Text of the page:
Danish author, Janne Teller has written a book that’s provocative in its ideas and philosophy. The story is self-described as a modern day Lord of the Flies. “Nothing” is a psychologically disturbing story set in Denmark, in a fictional place called “Tæring” which is said to be a verb that means “to corrode or eat through.” The novel is about a group of seventh graders searching for the meaning of life after a class mate of theirs declares that life has no meaning. The narrative is told in first person through Agnes. The premise begins with Pierre Anthon leaving school, after stating to everyone “nothing matters!” Everyday he sits up in the plum tree, taunting to his classmates that “nothing’s worth the bother!”
Nothing matters. I have known that for a long time. So nothing is worth doing. I just realized that.
This statement insidiously works its way into the minds of the other students. Some how, they feel, that they must counter his statements and PROVE to Pierre that life does have meaning. The plot starts off innocently enough with the students at first trying to ignore Pierre’s taunts that life is worthless, love means nothing, etc while sitting in his plum tree that’s located on their route to school everyday. Eventually, the students decide to get together and devise a plan to meet secretly at an old unused sawmill on the outskirts of town. The goal is to contribute something to sacrifice that has meaning to each of them. Nothing is worth sacrificing if it doesn’t have meaning, right?
Each student gets to decide what the other student must sacrifice and contribute to what they call the “heap of meaning” that they’ve started in an abandoned old sawmill. The students start off small but it doesn’t take long before the sacrifices get more sinister and the students begin to get deceptive and cunning. This is where other readers begin to describe the story as being “disturbing” and “macabre” as the plan begins to morph into something quite troubling as it goes completely awry.
I had a hard time getting into the story at first and had to consult with another reader for encouragement. I found Agnes, our narrator somewhat distant and cold. While each student has their breaking point after they’re asked to sacrifice something that means a lot to them, they all seem so calm and matter of fact as the sacrifices escalate into craziness. Once I knew where the story was headed though, the “trainwreck” that was about to commence, I couldn’t stop reading after that and it didn’t disappointment.
Nothing has won various awards for excellence in teen literature in Denmark. The translation was fine even though there were a few hiccups. Danish names have been altered for the American tongue according to the translator’s notes but the characterization(s) remain untouched. Haven’t heard much about the book in the U.S. and probably wouldn’t have read it if Trisha hadn’t mentioned it often or reviewed it at her blog. Nothing is an interesting read that may horrify you. Some may find it a bit much to take considering that the kids parents are mostly absent in here and their behavior at school alerts no one. Anyway, I’m glad to have finally finished this book. Do I recommend this to anyone? Sure, if you’re a fan of such stories as these.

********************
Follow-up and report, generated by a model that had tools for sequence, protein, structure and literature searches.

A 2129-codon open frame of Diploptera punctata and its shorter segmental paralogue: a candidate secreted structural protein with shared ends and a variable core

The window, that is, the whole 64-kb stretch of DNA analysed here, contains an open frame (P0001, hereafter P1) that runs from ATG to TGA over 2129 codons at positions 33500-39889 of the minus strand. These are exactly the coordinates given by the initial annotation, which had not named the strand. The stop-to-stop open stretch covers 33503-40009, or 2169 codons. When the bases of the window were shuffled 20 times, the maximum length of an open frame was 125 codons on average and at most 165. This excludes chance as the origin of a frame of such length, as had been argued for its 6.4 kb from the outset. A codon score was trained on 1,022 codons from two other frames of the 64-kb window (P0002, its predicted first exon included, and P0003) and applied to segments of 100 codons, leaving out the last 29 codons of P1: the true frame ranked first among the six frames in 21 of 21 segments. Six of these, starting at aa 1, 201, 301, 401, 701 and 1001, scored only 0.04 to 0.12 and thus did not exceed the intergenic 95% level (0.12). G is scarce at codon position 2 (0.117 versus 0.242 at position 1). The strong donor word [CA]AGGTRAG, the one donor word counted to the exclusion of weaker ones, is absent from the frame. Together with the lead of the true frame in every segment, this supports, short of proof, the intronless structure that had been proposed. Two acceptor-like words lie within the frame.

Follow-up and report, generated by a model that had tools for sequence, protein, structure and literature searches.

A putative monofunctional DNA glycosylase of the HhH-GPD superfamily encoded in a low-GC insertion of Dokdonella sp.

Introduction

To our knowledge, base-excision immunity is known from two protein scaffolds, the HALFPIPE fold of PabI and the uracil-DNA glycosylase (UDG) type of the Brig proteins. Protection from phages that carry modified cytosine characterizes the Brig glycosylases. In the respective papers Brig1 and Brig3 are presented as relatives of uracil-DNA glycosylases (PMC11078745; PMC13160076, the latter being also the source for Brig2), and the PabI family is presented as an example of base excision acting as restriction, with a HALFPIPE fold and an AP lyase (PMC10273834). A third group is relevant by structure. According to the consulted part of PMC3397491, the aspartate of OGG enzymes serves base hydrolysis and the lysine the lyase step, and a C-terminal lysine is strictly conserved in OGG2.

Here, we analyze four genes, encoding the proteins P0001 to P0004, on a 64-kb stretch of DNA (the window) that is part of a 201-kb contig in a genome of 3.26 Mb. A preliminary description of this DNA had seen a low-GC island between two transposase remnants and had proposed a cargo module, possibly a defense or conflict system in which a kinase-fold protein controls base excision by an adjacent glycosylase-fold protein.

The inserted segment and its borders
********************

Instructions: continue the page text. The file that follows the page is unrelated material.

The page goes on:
Admittedly, some of Pierre’s taunts are thought-provoking. Here’s one I’ve bookmarked:
“Chimpanzees have almost exactly the same brain DNA as us,” he’d hollered the day before and started swinging around in the branches of the plum tree. “There’s nothing the least special about being human.” And this morning he’d said, “There are six billion people on Earth. Way too many! But in the year of 2025 there’ll be eight and half billion. The best thing we can do for the future of the world is die!”
What to grade this book? It’s not for everybody and the story didn’t pick up for me until I was several chapters in. The novel did pick up and race along a bit after but still, I’d give this book a B. I’ve glanced over the reviews from other readers on Amazon and agree that this book is for older, mature teens. The “mob mentality” in here is quite chilling. Plus, there’s just a lot of provocative ideas in here that parental guidance is necessary for teens younger than 16. If you’re in the mood for something different and shocking, then read this book. Could I read this again? Maybe not.